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The First Bank: Centerpiece of Hamilton’s “Cabinet Battle #1”

Posted on Friday, February 1, 2019

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If you cannot stop singing “Cabinet Battle #1” or "The Room Where It Happens", and you are in Philly, be sure to check out The First Bank of the United States.

The First Bank of the United States in Philadelphia

Many tourists may find it easy to gloss over The First Bank of the United States when they come to visit Historic Philadelphia, in part because The First Bank is not currently open to the public. However, if you are a fan of “Hamilton, An American Musical,” a closer look at The First Bank should be at the top of your list, since it is arguably the most prominently featured Philadelphia site in the smash Broadway musical. Hamilton's concept of the First Bank, which sparked the first great constitutional debate, is the very inspiration for “Cabinet Battle #1”.

In 1790, just before the nation’s Capital moved from New York City to Philadelphia, Alexander Hamilton released his First Report on the Public Credit.  Hamilton's report recommended state debts be assumed by the Federal government with the creation of a Federal banking system.  This was an extremely controversial idea, since many Southerners believed this would give too much power to the North. 

In the musical’s rap battle, Thomas Jefferson argued that Hamilton’s idea is unfair:

“If New York’s in debt -
Why should Virginia bear it?
Our debts are paid, I’m afraid,
Don’t tax the South cause we got it made in the shade.”

Hamilton then argued that Jefferson was out of touch with America, since he'd been in France for a number of years.  Hamilton also pointed out that the reason the South is in less debt is because of its reliance on slavery:

“A civics lesson from a slaver.  Hey neighbor
Your debts are paid cause you don’t pay for labor.”

First Bank of the United States, Philadelphia

Alexander Hamilton and Thomas Jefferson only reach an agreement through the Compromise of 1790

Hamilton fans should also be familiar with this event thanks to the song “The Room Where It Happens”, in which Thomas Jefferson and James Madison agreed to Hamilton’s financial plan in exchange for moving the nation’s capital to the South.  Thus, the First Bank of the United States received its charter in 1791, and was built in Philadelphia.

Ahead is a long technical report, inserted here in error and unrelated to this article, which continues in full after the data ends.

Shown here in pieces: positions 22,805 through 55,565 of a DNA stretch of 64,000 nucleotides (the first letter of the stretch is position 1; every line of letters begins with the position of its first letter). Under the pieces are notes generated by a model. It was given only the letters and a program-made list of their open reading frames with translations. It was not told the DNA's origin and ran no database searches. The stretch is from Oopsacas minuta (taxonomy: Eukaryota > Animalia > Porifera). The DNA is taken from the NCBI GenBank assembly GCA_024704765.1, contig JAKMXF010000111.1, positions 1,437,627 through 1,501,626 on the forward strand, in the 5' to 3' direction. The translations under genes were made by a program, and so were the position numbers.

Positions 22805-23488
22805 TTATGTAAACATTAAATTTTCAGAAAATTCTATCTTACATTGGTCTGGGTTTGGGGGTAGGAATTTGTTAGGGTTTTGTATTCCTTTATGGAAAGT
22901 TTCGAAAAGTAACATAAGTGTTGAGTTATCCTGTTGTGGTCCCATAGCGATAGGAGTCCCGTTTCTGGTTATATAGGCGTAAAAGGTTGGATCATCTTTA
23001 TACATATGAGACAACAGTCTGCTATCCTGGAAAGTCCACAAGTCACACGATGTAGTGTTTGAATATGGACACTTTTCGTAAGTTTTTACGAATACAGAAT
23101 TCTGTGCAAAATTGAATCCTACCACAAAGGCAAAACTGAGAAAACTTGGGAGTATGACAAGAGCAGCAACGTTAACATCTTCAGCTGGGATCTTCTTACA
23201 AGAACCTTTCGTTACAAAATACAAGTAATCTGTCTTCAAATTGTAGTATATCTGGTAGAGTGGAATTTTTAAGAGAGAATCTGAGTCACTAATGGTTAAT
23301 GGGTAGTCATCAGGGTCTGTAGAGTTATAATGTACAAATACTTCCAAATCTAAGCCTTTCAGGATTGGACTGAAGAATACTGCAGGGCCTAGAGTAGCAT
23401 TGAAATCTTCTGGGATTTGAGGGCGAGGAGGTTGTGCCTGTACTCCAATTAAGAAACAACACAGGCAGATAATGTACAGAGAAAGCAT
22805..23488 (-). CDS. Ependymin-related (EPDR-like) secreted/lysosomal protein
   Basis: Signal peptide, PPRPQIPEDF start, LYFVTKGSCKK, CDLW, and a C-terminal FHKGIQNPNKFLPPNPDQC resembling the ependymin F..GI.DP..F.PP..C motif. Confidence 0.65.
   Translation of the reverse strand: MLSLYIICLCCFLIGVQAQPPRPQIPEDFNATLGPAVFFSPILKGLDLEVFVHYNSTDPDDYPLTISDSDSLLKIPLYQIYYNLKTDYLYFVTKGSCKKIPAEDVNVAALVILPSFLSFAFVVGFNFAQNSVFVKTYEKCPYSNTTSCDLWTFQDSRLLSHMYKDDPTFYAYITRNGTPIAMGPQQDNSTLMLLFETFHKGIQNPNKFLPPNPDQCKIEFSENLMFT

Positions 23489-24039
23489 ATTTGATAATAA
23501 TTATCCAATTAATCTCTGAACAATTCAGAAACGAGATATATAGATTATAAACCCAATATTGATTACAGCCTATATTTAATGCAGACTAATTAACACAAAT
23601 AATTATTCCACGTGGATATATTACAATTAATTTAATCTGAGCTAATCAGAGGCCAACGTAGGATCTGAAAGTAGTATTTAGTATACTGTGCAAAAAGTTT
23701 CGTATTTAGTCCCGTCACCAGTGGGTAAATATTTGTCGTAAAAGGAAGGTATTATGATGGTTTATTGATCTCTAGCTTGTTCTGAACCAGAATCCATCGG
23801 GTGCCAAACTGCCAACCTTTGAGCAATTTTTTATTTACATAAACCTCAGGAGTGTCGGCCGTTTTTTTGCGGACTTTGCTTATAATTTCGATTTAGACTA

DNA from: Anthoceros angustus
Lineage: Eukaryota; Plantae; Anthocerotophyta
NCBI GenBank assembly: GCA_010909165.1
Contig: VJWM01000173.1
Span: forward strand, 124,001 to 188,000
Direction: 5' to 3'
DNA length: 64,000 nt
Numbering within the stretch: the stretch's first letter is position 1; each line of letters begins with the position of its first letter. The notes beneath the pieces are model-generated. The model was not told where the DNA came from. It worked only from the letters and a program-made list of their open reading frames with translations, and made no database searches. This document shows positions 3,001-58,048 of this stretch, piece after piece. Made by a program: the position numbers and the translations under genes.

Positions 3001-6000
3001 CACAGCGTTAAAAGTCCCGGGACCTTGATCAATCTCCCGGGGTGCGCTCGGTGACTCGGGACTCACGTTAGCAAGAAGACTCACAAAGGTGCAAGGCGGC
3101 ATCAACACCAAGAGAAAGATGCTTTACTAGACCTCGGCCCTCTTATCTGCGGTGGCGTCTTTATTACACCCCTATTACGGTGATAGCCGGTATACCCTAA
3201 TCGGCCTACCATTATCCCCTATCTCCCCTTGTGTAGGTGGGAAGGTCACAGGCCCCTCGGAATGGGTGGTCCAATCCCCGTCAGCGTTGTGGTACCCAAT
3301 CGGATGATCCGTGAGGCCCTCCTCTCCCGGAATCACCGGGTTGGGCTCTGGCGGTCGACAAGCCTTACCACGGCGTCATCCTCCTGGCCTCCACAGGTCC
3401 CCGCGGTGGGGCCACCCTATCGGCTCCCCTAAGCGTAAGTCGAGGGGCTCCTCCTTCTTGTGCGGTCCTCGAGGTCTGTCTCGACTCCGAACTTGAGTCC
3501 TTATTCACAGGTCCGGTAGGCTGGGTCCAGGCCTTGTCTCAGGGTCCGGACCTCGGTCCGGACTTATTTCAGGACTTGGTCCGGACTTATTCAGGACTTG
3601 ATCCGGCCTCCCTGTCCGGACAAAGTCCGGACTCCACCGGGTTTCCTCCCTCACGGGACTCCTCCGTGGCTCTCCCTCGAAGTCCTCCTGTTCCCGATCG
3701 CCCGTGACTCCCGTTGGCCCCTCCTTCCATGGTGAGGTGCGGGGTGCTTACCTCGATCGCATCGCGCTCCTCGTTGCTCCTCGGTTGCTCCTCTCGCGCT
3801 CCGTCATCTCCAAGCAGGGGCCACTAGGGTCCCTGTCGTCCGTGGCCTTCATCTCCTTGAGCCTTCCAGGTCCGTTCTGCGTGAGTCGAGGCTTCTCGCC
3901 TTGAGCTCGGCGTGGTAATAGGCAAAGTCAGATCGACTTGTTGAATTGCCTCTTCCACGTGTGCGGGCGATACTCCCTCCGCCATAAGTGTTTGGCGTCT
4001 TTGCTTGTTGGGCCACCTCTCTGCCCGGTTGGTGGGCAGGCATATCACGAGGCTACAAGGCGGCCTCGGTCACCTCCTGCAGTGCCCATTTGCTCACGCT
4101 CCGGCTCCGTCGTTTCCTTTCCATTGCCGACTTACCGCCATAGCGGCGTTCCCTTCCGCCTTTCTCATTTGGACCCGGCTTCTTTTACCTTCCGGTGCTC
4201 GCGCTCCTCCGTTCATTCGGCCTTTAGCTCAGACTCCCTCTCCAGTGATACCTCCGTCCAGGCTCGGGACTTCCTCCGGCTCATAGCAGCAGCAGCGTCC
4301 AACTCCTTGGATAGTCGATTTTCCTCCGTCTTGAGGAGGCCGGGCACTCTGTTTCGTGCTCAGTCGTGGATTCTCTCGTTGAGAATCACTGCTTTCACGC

If you’re going to visit, be sure to check out a few other Hamilton-related plaques near the First Bank.  Just North of the magestic First Bank along 3rd Street is one plaque representing the site of Hamilton's former office when he served as the first Secretary of the Treasury.

Office Site of Alexander Hamilton, Secretary of the Treasury

There is also a second plaque marks his former home with Eliza on the 200 block of Walnut Street.

Home Site of Alexander Hamilton, Secretary of the Treasury, Where He Lived in 1791

Insider Info

If you’re interested in learning more about Hamilton and his time in Philadelphia, you can join us on The Constitutional Walking Tour. Both Independence Hall and The First Bank of the United States are visited on our standard tour. 

If you’re really interested in a deeper dive into the life of Alexander Hamilton in Philadelphia, you should consider booking The Constitutional's VIP Tour.  On our VIP Tours, guests receive their own private guided tour of Philadelphia that will accommodate your exact needs.  So if you want a tour that focuses on Alexander Hamilton and shows you all of the locations mentioned in this blog including the Liberty Bell and Independence Hall, we would be happy to arrange that for you.  And don’t worry, if you’d rather focus on another individual or topic besides Alexander Hamilton, we can do that too! Just call 215.525.1776 or send us an email to info@TheConstitutional.com.

Additional Info

The First Bank of the United States
116 South 3rd Street
Philadelphia, PA 19106
215.965.2305

Secretary of the Treasury Office Site
South 3rd Street (Between Chestnut and Walnut on the West Side of the Street)
Philadelphia, PA 19106

Site of Alexander Hamilton Residence
200 Block of Walnut Street (South Side)
Philadelphia, PA 19106

Site of Alexander Hamilton Residence in 1791, Philadelphia, Pennsylvania

 

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